eHealth from the emotional side of things
It is 3:06 PM and Mrs. Laudner is finally called into the doctor’s office. The lab test results have finally arrived. “Mrs. Laudner I am afraid I don’t have very good news for you. There is no easy way to say this, so I am just gonna go ahead and say it. Our suspicions were right, you have breast cancer.”
There is a long silence…
From this point on, Mrs. Laudner can see the doctor’s mouth is moving, but she doesn’t listen anymore. Too big of a shock. She is completely stunned, not even able to utter any emotion. She feels like someone just pulled the rug from under her feet.
Just like Mrs. Laudner, there are about 81,000 other women in the DACH region experiencing a very similar situation every year. In the USA, the number grows up to 230,000 cases. The World Health Organization estimates about 1.8 million cases worldwide every year. Breast cancer is a malicious disease affecting women around the world in developed and underdeveloped countries. The median age of breast cancer diagnosis for women is around 62 with a growing high-risk after the age of 40.
Luckily, the survival rate has increased in the last few years due to the proliferation of early detection methods, new medical procedures, treatments, and medication. Most startups operating in the eHealth sector, have concentrated their efforts in screenings and early detection which is key in the prevention of breast cancer. In contrast, eHealth has not done much in addressing the emotional well-being and health management of the patients. In part because the adoption of technology by the average patient over 60 is rather low.
There are currently thousands of women suffering from breast cancer, learning how to cope and adapt to their new and painful reality. One of the toughest challenges at the beginning of their treatment is finding a guiding hand that can help them manage uncertainty and anxiety. Where do I find the right information about specific topics? How do I tell to my children? How will the treatment be like? Am I going to die? These are just a few of the questions that are answered by their physicians but restricted to specific appointments during the treatment. Information on the topic is widely available, but it is scattered, too generic, unfiltered and in often cases just overwhelming.
Newly diagnosed patients are challenged with making fast decisions and learning about the disease as they go along. Usually, the first information would come from the physician or the breast cancer center where they are treated. This quick pace leaves little room to deal with the emotional aspect of the disease (uncertainty and anxiety) and getting a proper overview about breast cancer and the journey ahead. After the first emotional rollercoaster ride, the number one priority becomes trying to regain some sense of control back into their lives. We believe the biggest challenges facing the new breast cancer patients could be addressed by having a digital companion.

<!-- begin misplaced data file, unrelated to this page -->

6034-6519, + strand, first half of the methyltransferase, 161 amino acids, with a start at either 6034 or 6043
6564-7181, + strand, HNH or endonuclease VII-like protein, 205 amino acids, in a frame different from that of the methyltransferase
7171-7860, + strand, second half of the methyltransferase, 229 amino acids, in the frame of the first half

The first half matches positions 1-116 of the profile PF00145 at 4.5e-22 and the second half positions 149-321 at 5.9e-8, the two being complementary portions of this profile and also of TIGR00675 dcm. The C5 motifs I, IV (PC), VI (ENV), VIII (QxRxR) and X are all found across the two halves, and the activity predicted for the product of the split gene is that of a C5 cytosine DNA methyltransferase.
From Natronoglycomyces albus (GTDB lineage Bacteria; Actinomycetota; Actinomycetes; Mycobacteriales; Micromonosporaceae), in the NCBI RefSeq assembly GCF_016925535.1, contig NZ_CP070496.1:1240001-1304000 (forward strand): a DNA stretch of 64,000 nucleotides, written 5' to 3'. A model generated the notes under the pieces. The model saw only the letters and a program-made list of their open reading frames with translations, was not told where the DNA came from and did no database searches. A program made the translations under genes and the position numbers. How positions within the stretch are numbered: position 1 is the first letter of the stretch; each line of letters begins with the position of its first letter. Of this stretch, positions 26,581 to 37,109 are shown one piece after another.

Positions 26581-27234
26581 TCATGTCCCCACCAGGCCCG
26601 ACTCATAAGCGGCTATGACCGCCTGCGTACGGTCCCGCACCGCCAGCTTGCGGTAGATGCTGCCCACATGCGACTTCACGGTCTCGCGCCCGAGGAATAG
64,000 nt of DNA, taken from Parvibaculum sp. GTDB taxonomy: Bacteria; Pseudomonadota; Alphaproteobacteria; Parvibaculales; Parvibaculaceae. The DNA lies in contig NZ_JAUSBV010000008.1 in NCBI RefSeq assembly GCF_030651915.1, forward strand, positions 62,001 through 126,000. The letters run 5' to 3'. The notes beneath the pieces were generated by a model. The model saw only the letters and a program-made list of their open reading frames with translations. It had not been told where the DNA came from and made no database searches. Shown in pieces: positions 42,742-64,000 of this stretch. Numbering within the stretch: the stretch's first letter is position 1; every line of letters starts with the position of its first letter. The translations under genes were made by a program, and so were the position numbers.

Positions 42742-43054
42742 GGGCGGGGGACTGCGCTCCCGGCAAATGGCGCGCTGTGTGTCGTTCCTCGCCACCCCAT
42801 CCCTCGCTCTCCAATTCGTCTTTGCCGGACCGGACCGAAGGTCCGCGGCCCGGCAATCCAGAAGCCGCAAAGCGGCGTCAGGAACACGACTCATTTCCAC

A brief history of digital companions
For many people, the notion of a digital companion seems like something taken out of a Science Fiction film. We’ve seen many different variations on the big screen, from the psychopathic HAL 9000 in the movie 2001: A Space Odyssey (1968) to the loving and caring operating system SAMANTHA from the movie HER (2013).
Since a few years, similar systems such as SIRI, CORTANA, ALEXA, OK GOOGLE and a few others are unnoticeably becoming part of the everyday life to a lot of people. We are not even talking about nerds and early adopters, but mainstream consumers. These systems are trying to position themselves as reliable and useful digital companions.
Professor Sherry Turkle from M.I.T. questions: “Are there some tasks, such as providing care and companionship, that only befit living creatures?” bringing back fundamental philosophical questions about life and consciousness, but also the relational authenticity between human-machine interaction.
The late computer scientist Joseph Weizenbaum brought some of these issues to attention back in the sixties when introducing a computer program called ELIZA, explicitly designed to engage a user in a relationship and one of the first examples of relational artifacts. This engagement came through mirroring users’ thoughts to appear supportive. Professor Turkle describes an interaction between a person and ELIZA: “My mother is making me angry,” ELIZA might respond, “Tell me more about your family,” or “Why do you feel so negatively about your mother?” This seemingly simple interaction had a strong emotional effect on many people. Some wanted even to be alone with ELIZA and felt that they could open up to many other topics. However, this is still a simulation and should be taken with a grain of salt. Today’s available systems (ALEXA, SIRI and the likes) are good at taking orders and fulfilling them with the help of verbal commands but offer very little in terms of companionship. With real companions (human, software, canine or other) there is an implicit sense of trust and mutuality which is still very hard to emulate.
With that in mind, we question ourselves: How could a breast cancer patient develop a relationship with an artifact? One based trust and intimacy. What would be the long-term effects of doing so? Scientific evidence shows that lifestyle changes such as exercise, nutrition, sleep, and mindfulness have a rather positive impact on the patient’s quality of life, and in some cases, directly in the outcome of their treatment. But with the hurdle of low adoption and poor affinity to technology, how do we go about creating a companion for breast cancer patients?